To understand the purification system of ancient Israel, one must understand that the God of life desires to live among His people. But should death begin to encroach on His sacred space, He would no longer abide with them. So anything that caused this ritual impurity was typically more dangerous for the sacred space than it was for the physical health of the people who bore the impurity. Impurity was not in itself sinful. It was actually often something that was a normal part of the rhythms of life and death—childbirth, menstruation, other bodily discharges, and death itself. It only would become moral impurity, or sin, if the person bearing it brought it with them into the holy place. So the whole purity system was not some legalistic wall built up around worship to keep out the unworthy. It was an act of compassion.
As Matthew Thiessen writes in his book, “Jesus and the Forces of Death”:
I would suggest, though, that compassion animates the Jewish purity system; it was a protective and benevolent system intended to preserve God’s presence among his people, a presence that could be of considerable danger to humans if they approached God wrongly…Access to sacred space was heavily restricted, not out of a lack of compassion but out of the belief that this holy God not only was merciful and loving but also was a powerful force that could be dangerous…If impurities were to accumulate in God’s dwelling, God would be forced to abandon it. When Israelites allowed impurities to build up in the tent or temple, they suffered the consequences. The boundaries around the tent or temple functioned to protect both the inside (God’s presence) and the outside (any Israelite in a state of impurity) from the results of impure forces. // Matthew Thiessen, “Jesus and the Forces of Death”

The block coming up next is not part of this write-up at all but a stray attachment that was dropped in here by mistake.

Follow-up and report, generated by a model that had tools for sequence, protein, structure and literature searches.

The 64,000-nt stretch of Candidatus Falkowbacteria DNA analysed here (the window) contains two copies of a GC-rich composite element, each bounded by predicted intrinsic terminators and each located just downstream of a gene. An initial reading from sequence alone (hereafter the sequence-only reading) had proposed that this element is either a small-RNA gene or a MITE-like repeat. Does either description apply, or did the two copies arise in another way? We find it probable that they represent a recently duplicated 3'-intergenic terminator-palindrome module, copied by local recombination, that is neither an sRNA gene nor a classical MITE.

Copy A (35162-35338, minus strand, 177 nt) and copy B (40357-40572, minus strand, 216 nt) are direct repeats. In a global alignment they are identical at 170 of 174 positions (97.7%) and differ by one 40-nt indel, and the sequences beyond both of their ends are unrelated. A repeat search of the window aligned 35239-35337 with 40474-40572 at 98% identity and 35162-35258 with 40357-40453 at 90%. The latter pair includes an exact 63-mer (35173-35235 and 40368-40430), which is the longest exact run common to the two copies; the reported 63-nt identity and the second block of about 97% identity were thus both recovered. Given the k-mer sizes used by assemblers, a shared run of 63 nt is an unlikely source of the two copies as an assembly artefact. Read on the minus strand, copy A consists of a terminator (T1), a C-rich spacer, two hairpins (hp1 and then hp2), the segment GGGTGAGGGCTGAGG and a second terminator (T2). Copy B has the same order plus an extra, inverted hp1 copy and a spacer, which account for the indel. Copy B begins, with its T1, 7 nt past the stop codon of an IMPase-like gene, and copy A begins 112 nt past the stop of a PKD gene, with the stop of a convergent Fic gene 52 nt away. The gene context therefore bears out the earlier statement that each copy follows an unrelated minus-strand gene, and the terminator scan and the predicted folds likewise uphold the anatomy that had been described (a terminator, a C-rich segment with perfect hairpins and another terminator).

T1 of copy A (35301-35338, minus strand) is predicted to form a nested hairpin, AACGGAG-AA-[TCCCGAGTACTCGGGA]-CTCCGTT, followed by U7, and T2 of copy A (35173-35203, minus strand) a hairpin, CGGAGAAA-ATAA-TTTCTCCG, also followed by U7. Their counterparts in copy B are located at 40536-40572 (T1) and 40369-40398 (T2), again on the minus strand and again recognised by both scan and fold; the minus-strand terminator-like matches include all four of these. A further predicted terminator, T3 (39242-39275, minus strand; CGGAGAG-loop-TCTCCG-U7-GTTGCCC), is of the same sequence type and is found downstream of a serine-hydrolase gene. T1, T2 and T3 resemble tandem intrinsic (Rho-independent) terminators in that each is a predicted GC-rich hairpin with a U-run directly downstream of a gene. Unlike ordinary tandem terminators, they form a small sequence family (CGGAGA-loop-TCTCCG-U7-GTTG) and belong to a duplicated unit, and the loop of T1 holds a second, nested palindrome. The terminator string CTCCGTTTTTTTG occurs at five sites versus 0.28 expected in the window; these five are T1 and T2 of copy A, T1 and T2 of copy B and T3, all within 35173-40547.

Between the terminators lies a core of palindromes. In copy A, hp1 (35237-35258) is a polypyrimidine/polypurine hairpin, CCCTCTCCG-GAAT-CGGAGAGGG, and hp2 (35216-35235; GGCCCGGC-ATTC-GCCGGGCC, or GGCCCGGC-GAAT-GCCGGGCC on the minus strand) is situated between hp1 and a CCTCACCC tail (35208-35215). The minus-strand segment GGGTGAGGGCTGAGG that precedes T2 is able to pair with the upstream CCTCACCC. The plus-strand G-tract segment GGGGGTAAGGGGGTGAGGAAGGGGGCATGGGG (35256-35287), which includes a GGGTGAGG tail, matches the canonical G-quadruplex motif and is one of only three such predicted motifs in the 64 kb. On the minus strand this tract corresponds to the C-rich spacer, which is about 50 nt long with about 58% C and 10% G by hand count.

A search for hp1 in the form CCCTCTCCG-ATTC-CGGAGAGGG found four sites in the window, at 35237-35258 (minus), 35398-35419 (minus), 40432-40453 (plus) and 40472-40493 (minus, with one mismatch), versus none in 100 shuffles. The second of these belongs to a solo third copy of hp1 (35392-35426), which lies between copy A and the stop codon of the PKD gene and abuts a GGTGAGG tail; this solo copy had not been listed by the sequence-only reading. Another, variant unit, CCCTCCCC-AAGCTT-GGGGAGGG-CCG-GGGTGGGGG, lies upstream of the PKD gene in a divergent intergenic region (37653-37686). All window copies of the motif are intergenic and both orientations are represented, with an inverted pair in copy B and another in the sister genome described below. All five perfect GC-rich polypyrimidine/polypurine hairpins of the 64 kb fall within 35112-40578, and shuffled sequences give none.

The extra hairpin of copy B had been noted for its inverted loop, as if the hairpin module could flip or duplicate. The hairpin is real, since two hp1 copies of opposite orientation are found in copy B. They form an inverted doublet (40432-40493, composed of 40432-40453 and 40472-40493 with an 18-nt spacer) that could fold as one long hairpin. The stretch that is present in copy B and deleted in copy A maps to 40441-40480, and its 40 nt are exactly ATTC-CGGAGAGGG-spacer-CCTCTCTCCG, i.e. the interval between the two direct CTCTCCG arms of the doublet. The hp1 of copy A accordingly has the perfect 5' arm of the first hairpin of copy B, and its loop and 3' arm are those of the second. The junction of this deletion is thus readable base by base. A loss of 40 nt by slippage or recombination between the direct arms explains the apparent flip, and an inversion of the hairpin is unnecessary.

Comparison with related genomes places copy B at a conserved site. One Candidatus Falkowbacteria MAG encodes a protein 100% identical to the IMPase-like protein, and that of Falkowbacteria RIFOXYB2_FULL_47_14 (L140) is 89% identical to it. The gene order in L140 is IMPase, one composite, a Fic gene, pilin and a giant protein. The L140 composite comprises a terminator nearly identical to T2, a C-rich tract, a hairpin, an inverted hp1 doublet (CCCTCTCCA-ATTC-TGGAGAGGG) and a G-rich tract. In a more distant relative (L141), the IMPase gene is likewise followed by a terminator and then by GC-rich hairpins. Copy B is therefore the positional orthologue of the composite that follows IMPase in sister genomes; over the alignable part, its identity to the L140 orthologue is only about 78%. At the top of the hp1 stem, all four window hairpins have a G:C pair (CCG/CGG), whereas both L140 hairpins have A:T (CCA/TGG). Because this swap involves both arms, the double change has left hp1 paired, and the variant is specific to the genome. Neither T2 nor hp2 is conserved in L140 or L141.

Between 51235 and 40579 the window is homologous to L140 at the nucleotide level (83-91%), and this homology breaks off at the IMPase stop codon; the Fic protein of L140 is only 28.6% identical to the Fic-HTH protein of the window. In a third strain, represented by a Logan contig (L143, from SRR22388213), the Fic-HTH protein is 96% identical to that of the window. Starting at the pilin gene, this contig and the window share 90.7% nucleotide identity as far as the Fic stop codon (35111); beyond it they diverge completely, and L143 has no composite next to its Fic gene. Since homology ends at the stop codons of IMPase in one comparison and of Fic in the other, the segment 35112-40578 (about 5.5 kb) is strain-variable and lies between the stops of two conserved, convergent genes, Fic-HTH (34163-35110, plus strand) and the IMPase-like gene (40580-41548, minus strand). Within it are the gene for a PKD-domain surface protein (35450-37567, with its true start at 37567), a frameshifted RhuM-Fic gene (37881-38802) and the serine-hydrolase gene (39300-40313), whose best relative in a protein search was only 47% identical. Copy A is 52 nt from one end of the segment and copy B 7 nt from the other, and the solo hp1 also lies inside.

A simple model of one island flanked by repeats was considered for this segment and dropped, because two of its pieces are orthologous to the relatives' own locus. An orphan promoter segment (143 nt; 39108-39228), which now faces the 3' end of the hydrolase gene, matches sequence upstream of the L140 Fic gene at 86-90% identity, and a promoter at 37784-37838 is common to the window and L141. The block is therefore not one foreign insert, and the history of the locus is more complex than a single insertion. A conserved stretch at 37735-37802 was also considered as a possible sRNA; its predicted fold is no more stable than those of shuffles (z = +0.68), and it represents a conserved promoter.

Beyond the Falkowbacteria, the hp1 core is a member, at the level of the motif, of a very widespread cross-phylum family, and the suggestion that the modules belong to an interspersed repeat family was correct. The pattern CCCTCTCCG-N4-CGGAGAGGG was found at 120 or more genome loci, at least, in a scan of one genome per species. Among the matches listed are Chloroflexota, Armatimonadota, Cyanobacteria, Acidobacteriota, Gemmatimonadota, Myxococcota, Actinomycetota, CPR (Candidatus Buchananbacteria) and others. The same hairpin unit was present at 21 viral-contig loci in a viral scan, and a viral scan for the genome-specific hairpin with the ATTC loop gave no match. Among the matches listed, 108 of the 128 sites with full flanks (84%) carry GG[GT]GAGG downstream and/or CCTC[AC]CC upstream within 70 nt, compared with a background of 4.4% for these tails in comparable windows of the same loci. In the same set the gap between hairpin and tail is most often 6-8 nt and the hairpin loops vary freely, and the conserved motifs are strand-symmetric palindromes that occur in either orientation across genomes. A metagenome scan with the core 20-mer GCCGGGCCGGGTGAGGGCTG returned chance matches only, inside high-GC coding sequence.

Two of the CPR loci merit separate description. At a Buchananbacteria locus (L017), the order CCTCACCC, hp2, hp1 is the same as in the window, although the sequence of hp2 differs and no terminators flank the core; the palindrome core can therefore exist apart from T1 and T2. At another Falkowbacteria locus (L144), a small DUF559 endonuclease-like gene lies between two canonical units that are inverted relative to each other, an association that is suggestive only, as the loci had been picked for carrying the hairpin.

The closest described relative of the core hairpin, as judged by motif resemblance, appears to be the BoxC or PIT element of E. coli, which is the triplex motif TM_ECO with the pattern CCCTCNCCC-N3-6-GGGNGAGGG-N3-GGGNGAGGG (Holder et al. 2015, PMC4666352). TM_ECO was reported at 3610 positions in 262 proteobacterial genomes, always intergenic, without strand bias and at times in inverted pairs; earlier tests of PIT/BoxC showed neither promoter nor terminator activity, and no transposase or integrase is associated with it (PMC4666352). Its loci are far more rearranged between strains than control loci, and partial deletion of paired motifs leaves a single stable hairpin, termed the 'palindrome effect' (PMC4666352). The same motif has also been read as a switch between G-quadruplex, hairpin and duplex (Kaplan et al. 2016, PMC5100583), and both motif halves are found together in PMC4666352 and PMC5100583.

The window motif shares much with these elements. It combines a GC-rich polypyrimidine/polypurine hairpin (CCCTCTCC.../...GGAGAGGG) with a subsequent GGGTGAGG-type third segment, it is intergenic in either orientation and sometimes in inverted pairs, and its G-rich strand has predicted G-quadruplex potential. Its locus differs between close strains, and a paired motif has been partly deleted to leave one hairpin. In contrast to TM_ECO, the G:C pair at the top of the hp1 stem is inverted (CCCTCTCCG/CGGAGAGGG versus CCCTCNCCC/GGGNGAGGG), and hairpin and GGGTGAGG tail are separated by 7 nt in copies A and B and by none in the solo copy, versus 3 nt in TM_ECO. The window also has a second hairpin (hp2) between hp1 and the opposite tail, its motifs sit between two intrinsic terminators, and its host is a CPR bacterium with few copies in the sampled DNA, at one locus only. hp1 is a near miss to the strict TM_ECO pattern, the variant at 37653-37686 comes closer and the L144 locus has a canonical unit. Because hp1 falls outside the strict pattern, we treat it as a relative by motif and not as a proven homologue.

So the purity system that kept this leper from the Gospel outside of the town, and which would eventually symbolically force Jesus out into the desert, was an act of compassion, not an act of exclusion. Approaching God with impurity was sinful, because it put the whole community at risk of losing God’s presence. But something changed when Jesus, God Himself, began to literally touch the sources of impurity. His healing touch is more contagious than the sources of impurity.
All of which means we encounter a passionate, if not “compassionate” Jesus in the Gospel, who desires that we enter into worship, that we be forgiven, that we forgive others and become sources of healing and forgiveness, more than we desire it.
So I am often drawn to St. Faustina’s experience of God’s greater desire that we come to Him:
Once, I desired very much to receive Holy Communion, but I had a certain doubt, and I did not go. I suffered greatly because of this. It seemed to me that my heart would burst from the pain. When I set about my work, my heart full of bitterness, Jesus suddenly stood by me and said, My daughter, do not omit Holy Communion unless you know well that your fall was serious; apart from this, no doubt must stop you from uniting yourself with Me in the mystery of My love. Your minor faults will disappear in My love like a piece of straw thrown into a great furnace. Know that you grieve Me much when you fail to receive Me in Holy Communion. // Diary of Saint Maria Faustina Kowalska: Divine Mercy in My Soul.
Approaching God has become different now that God has approached us. And because He desires more than we do, infinitely more so, that we can approach Him, He has given us the Sacraments to make our hearts ready for His arrival.